This tool computes the minimum Rise Time of a signal from its Bandwidth.
It’s useful if you want to find the fastest rise time that can be measured with an oscilloscope having a certain bandwidth specification.
Trise = 0.35 / BW
- Trise is the Rise Time in Nanoseconds (ns)
- BW is the Bandwidth in Gigahertz (GHz)
As the bandwidth of the oscilloscope increases, the signal rise time that can be measured with it decreases. The rise time is associated with the 10-90% amplitude.
What is the rise time associated with a 50 MHz bandwidth?
The calculator is used to find Trise = 0.35 / 0.05 = 7 nanoseconds.
What is the rise time associated with a 250 MHz bandwidth?
Once again the calculator is used to find Trise = 0.35 / 0.25 = 1.4 nanoseconds.
As the bandwidth of the instrument increases, the rise time measurement capability is increases. In other words, with increasing bandwidth an oscilloscope can measure faster rise times.
What is Bandwidth?
Within the context of an oscilloscope, bandwidth is the highest frequency of a sine wave that can be measured with at most a 3 dB error. In linear terms, the signal amplitude drops no more than 70.7% of its actual value as shown in the picture below. (Use -3 dB in the dB to linear calculator)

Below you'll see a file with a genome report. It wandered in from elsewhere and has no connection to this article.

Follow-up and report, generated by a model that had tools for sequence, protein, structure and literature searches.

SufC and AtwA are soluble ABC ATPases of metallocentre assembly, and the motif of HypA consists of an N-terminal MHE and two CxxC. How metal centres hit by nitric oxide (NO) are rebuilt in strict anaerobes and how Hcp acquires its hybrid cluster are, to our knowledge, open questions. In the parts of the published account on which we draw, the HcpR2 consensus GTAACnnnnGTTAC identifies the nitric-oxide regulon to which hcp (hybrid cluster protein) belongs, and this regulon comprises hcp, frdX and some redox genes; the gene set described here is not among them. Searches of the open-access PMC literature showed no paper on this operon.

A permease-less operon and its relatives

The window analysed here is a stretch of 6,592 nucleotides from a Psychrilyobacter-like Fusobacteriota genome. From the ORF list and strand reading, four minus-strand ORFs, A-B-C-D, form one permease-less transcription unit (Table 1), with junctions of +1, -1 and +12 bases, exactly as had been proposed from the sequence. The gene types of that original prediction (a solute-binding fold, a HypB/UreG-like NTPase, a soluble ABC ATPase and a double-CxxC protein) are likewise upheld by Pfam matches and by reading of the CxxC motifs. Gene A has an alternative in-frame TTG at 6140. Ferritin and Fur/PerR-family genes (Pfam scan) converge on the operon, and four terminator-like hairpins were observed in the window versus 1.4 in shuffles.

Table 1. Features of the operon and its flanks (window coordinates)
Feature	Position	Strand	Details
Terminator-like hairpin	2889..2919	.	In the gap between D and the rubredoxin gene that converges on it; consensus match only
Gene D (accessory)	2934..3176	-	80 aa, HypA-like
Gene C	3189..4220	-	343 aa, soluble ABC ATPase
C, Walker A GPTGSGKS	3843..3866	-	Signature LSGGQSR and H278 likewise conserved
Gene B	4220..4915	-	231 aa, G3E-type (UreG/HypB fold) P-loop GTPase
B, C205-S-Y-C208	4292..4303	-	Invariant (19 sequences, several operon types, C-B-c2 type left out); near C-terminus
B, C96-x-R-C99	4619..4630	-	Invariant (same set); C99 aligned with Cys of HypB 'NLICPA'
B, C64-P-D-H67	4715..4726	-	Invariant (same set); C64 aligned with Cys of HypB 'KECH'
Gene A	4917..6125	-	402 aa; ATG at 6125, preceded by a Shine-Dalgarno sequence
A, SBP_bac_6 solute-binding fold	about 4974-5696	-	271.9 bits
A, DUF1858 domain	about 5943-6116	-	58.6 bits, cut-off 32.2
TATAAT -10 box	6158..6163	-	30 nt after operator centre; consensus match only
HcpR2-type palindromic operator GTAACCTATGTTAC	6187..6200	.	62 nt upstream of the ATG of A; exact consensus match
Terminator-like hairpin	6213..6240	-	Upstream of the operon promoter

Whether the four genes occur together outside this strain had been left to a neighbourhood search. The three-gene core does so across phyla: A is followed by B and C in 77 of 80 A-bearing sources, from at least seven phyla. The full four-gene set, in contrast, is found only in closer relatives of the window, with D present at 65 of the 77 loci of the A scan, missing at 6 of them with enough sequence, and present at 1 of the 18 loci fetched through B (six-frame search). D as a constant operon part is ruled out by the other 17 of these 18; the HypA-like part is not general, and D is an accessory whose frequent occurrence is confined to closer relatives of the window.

The calculator can be used to find the minimum rise time that can be measured by an oscilloscope considering its bandwidth specification.
The DS1202Z-E oscilloscope has a bandwidth of 200 MHz. The minimum rise time is therefore 1.75 ns. The oscilloscope will not be able to measure a rise time of 1 ns for example.
While this specification sheet confirms the 1.75 ns number, there are many oscilloscope vendors that might not include this spec – specially the cheaper ones. The calculator is useful in that case.
 Bandwidth of a signal from its rise time: Rule of Thumb #1. In this post the author derives the relationship between rise time and bandwidth empirically.
 How do I determine what bandwidth of scope I require for my application? An application note that estimates a 2% measurement error when the five times rule is used.